Brazil’s new research has indicated that the impact of Zika virus on babies could be even more disturbing than what was reported earlier.

According to the report, the infection, when transmitted to a newborn from its mother, might not show any symptom but grow gradually, thereby affecting the entire health system of the baby. The Harvard-led study was published in The New England Journal of Medicine on Wednesday where the researchers mentioned the broader ways in which Zika could impact babies.

The scientists tested 45 Brazilian babies who were born from mothers affected with the virus. They underwent brain scans of the newborns following which the report was prepared. It stated that the children who did not show any symptom of the infection were also likely to suffer from the effect of the infection later on. The discovery mentioned that the traces might remain in the blood of the babies unidentified and could take a dangerous form gradually as they grow up.

If a newborn remains infected with the Zika virus for over two months, he/she is more at a risk of getting infected and affected. No matter how early or late the mothers get infected with the virus during their pregnancy, the babies will automatically inherit it from them.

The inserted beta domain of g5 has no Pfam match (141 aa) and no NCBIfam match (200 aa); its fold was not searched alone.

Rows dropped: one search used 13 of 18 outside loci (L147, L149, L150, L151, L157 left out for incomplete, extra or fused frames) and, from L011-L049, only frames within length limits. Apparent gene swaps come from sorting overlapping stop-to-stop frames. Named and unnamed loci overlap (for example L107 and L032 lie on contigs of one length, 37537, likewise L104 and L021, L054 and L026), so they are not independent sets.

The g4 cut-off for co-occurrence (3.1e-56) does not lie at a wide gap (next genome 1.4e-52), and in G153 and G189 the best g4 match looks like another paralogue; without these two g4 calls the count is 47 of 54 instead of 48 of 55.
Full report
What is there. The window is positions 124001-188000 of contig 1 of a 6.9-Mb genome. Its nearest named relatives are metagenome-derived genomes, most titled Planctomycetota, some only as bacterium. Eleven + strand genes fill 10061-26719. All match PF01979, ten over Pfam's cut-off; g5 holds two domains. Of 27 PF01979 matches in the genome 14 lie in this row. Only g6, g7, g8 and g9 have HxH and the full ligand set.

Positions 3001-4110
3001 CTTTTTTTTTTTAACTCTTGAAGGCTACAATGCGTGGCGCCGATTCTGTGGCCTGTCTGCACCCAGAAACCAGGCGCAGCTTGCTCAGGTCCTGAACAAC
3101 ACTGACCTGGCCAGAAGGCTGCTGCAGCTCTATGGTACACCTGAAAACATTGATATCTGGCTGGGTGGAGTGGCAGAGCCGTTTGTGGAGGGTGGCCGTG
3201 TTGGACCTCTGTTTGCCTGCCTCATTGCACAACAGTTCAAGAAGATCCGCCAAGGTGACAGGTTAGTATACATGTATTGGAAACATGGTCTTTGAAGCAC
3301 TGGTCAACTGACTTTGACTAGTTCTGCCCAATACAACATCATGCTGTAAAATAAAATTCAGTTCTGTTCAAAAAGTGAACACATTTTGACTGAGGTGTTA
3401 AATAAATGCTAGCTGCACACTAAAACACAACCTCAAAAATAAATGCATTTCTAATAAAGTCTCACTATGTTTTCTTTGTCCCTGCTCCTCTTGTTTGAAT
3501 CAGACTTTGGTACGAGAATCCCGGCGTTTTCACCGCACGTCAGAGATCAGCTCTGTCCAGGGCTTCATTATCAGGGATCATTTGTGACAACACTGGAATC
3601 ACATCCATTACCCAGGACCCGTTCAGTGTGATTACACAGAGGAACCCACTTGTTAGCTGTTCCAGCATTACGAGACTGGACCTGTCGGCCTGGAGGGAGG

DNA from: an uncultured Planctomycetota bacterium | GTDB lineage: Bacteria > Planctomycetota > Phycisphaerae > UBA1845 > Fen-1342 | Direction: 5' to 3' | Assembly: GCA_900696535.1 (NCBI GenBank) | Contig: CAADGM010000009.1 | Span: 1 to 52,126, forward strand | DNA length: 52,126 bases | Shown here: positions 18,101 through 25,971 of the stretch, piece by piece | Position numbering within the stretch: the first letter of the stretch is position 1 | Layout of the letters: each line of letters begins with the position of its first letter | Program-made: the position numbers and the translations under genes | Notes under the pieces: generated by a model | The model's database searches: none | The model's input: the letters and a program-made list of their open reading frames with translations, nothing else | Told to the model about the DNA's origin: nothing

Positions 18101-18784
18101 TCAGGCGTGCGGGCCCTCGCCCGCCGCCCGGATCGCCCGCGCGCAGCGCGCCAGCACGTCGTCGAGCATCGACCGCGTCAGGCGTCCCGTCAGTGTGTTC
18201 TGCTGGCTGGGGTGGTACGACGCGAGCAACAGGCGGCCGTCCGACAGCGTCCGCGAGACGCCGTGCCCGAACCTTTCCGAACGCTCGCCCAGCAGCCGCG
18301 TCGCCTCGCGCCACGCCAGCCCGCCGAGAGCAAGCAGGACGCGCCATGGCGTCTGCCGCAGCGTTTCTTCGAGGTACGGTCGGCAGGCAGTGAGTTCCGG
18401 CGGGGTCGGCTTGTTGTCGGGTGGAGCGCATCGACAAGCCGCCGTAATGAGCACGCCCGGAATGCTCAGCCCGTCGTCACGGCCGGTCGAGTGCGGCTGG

Earlier, the studies suggested that the babies, if affected by the virus, are born with a small head size and improper brain development. However, the latest study suggests that due to the virus’ ability to prevent brain cavities from draining cerebrospinal fluid properly, the babies might not show any symptoms of the infection. As a result, it is believed that they are not impacted by the virus. However, the fact is that in such cases, there is a possibility of the cavities bursting and collapsing the brain in the future while the infants are growing up, Engadget reported.

Seattle Children’s Research Institute’s Pediatric neurologist William Dobyns confirmed that the Zika virus can start affecting the baby from three months ahead of its birth and continue to attack it even after birth. “Our brains are still developing until age 18 and beyond,” USA Today quoted Dobyns a saying. “The most important year of brain growth is the nine months before birth and the first year after.”